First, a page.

Since 2002, the winners have usually been TV talent show contestants. From 2005 to 2010, the winners of The X Factor headed the charts each year, until fed up pop fans started the Facebook campaign to pitch Rage Against The Machine for the number one spot instead. This was the first Christmas number one with a download-only single, and achieved the most download sales in a single week in UK chart history. Continue reading →
I’ve just stumbled across this link at Buzzfeed, listing some interesting-looking releases from 2012. I’ve not finished going through the list yet, but I’ve had Paralytic Stalks on my to-buy list for months, and anything by Girls Aloud is usually worth a listen. Interesting to see Dexys and Carly Rae Jepsen in the same list: I’ve repeatedly heard great things about Dexys (mostly from Everett True) but if there’s more to Ms Call Me Maybe than first appears, I’m all ears …
Forget Cheryl bloody Cole or any of the other dollies with the Oompa Loompa tans – Nicola Roberts was always as interesting as she was pale. The pretty one from Girls Aloud, she also turns out to have the best songs – and frankly a fairly impressive voice. Let’s get this straight before we start: this is not what you’re expecting. Continue reading →
Before they switched off Pandora in the UK, I found its deliberately anti-genre stance interesting because it would place frivolous ‘pop’ songs next to ‘credible’ artists. It’s probably stretching it to call any of these ‘rock’, but they’re of the type admired by people who don’t generally buy records by Beyonce, etc.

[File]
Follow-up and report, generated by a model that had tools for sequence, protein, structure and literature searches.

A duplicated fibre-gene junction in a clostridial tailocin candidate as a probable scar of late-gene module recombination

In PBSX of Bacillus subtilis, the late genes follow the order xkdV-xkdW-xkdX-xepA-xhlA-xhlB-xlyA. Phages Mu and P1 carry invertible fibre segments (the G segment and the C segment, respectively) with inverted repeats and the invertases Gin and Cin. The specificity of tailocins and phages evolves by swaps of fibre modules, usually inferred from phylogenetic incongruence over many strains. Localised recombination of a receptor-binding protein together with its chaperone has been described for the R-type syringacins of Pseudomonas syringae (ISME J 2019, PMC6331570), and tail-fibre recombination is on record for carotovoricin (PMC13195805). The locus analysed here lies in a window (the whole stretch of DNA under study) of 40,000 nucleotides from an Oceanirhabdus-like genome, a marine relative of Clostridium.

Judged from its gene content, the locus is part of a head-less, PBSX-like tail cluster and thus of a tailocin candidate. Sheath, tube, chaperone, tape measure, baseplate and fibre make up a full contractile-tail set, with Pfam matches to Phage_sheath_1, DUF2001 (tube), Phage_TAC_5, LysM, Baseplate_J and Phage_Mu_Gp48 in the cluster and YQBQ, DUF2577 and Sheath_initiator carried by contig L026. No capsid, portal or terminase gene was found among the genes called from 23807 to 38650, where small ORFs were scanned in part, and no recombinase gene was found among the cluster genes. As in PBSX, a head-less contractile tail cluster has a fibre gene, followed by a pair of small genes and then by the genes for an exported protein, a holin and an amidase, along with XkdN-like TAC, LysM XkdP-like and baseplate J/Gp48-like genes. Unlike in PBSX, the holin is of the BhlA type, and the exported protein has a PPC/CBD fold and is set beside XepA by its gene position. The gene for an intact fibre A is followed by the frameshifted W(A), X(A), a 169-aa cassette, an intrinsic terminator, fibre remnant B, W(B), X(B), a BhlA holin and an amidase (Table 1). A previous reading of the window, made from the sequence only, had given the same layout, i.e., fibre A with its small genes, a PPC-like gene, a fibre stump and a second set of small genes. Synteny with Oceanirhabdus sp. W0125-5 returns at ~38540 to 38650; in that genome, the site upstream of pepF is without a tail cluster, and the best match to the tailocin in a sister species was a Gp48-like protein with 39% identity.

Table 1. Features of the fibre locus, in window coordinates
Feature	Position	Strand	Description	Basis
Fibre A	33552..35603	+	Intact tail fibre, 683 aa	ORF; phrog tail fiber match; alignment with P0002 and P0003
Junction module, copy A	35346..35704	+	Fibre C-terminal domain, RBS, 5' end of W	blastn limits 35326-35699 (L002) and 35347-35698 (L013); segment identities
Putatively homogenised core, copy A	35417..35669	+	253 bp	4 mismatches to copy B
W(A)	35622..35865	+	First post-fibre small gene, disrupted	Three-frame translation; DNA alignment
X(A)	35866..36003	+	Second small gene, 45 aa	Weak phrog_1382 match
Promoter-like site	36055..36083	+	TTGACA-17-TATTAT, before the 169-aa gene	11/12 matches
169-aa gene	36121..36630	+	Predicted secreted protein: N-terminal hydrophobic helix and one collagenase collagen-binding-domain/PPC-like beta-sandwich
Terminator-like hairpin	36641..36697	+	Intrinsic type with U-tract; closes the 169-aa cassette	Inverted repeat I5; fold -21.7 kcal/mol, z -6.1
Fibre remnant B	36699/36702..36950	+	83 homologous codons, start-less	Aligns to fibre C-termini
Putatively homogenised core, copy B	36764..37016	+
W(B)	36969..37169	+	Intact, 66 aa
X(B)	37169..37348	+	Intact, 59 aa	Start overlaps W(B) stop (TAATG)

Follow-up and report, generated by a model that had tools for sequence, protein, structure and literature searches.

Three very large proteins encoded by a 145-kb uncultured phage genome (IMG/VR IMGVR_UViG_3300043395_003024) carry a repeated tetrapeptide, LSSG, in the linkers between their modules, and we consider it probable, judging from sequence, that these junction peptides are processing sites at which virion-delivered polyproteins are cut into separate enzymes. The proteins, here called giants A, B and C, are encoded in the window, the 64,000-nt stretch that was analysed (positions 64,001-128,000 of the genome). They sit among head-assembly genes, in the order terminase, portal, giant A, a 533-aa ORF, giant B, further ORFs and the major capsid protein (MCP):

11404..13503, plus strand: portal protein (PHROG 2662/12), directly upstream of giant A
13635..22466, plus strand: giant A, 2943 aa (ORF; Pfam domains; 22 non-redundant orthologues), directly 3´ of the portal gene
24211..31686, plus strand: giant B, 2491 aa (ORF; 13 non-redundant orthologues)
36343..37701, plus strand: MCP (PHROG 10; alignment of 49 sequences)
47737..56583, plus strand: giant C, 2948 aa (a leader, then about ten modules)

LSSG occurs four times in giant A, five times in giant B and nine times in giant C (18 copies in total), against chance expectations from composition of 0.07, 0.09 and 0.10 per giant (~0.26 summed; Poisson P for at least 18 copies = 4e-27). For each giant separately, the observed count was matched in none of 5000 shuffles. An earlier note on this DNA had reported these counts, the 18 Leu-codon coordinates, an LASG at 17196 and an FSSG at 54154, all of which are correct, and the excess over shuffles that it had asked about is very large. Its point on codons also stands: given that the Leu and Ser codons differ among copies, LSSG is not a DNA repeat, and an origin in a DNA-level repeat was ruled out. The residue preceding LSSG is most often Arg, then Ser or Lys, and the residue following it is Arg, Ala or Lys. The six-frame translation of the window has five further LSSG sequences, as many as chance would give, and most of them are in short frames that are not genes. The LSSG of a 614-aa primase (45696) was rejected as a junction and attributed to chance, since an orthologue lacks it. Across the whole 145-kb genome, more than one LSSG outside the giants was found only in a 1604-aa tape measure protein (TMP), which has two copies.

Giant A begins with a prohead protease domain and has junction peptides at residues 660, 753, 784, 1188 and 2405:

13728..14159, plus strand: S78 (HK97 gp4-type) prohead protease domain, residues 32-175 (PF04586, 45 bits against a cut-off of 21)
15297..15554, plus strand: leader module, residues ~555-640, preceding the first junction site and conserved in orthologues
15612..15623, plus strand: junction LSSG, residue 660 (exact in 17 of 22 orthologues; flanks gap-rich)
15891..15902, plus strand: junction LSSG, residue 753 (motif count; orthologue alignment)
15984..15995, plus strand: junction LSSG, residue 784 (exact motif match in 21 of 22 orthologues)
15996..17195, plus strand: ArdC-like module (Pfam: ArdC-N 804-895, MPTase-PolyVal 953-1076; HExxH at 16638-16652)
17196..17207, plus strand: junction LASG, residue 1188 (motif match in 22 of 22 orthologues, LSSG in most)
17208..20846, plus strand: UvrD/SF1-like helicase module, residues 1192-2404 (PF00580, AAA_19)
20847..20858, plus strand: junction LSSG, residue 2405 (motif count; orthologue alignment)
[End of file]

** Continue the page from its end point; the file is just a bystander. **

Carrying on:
Stripped of the genre tag, note for note, there’s really not much difference between the songs. Wallace Wylie pointed out what’s wrong with the package of pop. If you take that away, you’ve got some great music that the middle-aged chin-strokers would probably like if they just started thinking of it as music. For example: Continue reading →
Listening to MGMT yesterday, I began to wonder if people had forgotten how to write great songs. “How can you say that?” I hear you cry. “Electric Feel is a great song”, to which I’d counter, “Electric Feel has a great hook; it is not a great song.”
Great songs have rules – surprisingly rigid ones at that. It’s not that the songs that obey those rules are automatically good, but that the ones that break those rules are almost universally bad. Continue reading →